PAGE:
Topic: Integrating biological and mathematical approaches to aquatic suction feeding mechanisms, performance and evolution
Meeting dates: September 26-27, 2011; October 29-30, 2012; May 20-21, 2013
Objectives. Suction feeding is the most common mechanism of prey capture in aquatic vertebrates. It is found in ray-finned fishes, aquatic feeding amphibians, turtles, mammals and birds. Unlike terrestrial predator–prey encounters, where predators have no direct effect on the prey’s trajectory during pursuit, aquatic suction feeders exert hydrodynamic forces on prey that are outside their immediate reach. Suction feeders manipulate water flow to draw the prey into the mouth. Vertebrate suction feeding is thus an ideal system for synergistically integrating biology, engineering and mathematics. The variation in morphology and performance within ray-finned fishes and other aquatic-feeding vertebrates provides a rich system for quantitative investigations of functional evolution. The musculoskeletal system responsible for the rapid and powerful expansion of the jaws demanded during suction feeding is mechanically complex and involves many interacting components. Additionally, the flow of water into the mouth is governed by the physics of fluid mechanics, which are non-linear and often non-intuitive. The suction-generated flow-field interacts with the prey to impart complex forces on the prey and can also provide a mechanical stimulus for prey escape responses.
Methods developed within the field of engineering have been successfully applied to biomechanical and biological fluid systems. New understanding of the mechanisms underlying aquatic predator-prey interactions require integrating existing data with improved structural and computational models. There have been significant recent advances in understanding how the musculo-skeletal system of bony fishes moves to generate suction flows, as well as the spatial and temporal pattern of these flows. These advances led to initial modeling efforts of the predator-prey encounter that provided quantitative insights into the nature of suction feeding performance.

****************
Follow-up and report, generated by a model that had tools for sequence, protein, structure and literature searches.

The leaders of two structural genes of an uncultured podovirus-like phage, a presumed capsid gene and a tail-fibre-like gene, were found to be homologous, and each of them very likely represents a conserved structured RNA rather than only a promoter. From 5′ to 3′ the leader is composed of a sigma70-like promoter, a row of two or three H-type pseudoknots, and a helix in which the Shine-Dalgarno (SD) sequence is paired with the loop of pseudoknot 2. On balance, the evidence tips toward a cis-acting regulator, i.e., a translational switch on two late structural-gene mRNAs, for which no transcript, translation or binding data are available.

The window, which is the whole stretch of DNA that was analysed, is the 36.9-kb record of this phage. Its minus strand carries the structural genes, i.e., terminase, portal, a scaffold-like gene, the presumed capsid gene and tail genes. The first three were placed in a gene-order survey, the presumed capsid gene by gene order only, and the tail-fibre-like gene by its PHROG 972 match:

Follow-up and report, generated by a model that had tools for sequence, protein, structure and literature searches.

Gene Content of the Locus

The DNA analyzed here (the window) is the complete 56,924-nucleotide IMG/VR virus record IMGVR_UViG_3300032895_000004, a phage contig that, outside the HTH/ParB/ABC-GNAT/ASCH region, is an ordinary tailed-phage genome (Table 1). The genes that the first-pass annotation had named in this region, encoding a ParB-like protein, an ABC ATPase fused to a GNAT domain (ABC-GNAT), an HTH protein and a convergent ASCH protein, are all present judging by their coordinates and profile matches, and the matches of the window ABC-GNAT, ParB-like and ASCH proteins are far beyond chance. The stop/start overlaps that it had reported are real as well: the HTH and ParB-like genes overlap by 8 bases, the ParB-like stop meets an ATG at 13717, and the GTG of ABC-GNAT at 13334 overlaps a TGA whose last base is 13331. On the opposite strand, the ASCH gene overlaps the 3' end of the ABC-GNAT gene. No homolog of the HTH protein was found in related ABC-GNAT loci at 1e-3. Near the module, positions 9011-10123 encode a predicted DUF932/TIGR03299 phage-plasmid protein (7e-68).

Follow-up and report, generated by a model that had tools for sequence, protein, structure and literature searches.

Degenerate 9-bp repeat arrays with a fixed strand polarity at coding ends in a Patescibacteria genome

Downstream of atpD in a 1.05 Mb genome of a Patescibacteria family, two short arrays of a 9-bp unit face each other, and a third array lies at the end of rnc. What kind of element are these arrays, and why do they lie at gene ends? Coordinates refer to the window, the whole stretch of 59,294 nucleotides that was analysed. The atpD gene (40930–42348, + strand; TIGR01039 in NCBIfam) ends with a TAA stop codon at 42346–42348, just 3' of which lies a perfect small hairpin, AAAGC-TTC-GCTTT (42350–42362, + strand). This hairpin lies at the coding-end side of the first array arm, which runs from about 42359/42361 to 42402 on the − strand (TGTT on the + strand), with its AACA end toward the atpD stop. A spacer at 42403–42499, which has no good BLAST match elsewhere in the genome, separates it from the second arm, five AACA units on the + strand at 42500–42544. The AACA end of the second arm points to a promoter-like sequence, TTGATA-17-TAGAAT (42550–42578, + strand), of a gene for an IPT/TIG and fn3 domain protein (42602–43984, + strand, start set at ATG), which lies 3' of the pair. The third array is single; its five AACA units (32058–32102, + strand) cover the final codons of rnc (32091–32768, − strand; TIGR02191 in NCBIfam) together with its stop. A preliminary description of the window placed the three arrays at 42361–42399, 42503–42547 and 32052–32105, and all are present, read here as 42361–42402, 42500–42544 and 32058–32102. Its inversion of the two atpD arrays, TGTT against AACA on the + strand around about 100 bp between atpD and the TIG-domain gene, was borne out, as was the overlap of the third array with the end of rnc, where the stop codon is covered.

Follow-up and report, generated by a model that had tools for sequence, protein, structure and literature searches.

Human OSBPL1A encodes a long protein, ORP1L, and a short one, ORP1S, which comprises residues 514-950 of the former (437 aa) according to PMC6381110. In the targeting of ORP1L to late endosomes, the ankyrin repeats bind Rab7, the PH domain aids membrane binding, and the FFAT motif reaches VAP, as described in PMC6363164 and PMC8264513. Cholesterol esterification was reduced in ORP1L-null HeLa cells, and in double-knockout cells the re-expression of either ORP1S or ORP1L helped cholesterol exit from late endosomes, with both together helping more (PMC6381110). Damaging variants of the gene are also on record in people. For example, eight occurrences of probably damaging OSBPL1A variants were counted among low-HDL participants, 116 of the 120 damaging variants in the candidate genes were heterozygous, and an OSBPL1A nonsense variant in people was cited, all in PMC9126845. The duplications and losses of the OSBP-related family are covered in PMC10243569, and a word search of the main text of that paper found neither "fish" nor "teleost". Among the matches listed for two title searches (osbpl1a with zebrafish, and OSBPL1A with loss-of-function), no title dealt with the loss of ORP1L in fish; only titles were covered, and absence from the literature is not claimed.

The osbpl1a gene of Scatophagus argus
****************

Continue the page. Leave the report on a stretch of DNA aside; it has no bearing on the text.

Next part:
This group will synthesize mathematical, mechanical and biological perspectives on these problems (musculoskeletal, fluid mechanical, and prey responses), summarizing existing knowledge and setting an agenda for future research. The overarching goal is the development of comprehensive and accessible predictive mathematical models of prey capture performance based on suction feeding biomechanics that better integrate musculo-skeletal dynamics with predator induced water flows and prey sensory mechanics. These models will allow researchers to quantitatively study the diversity and evolution of suction feeding performance, as well as its morphological, physiological and mechanical basis. We aim to identify how mathematical and numerical models have and can contribute to answering biological questions about suction feeding performance and evolution. Specifically, we will focus on the following questions to provide a roadmap for future work: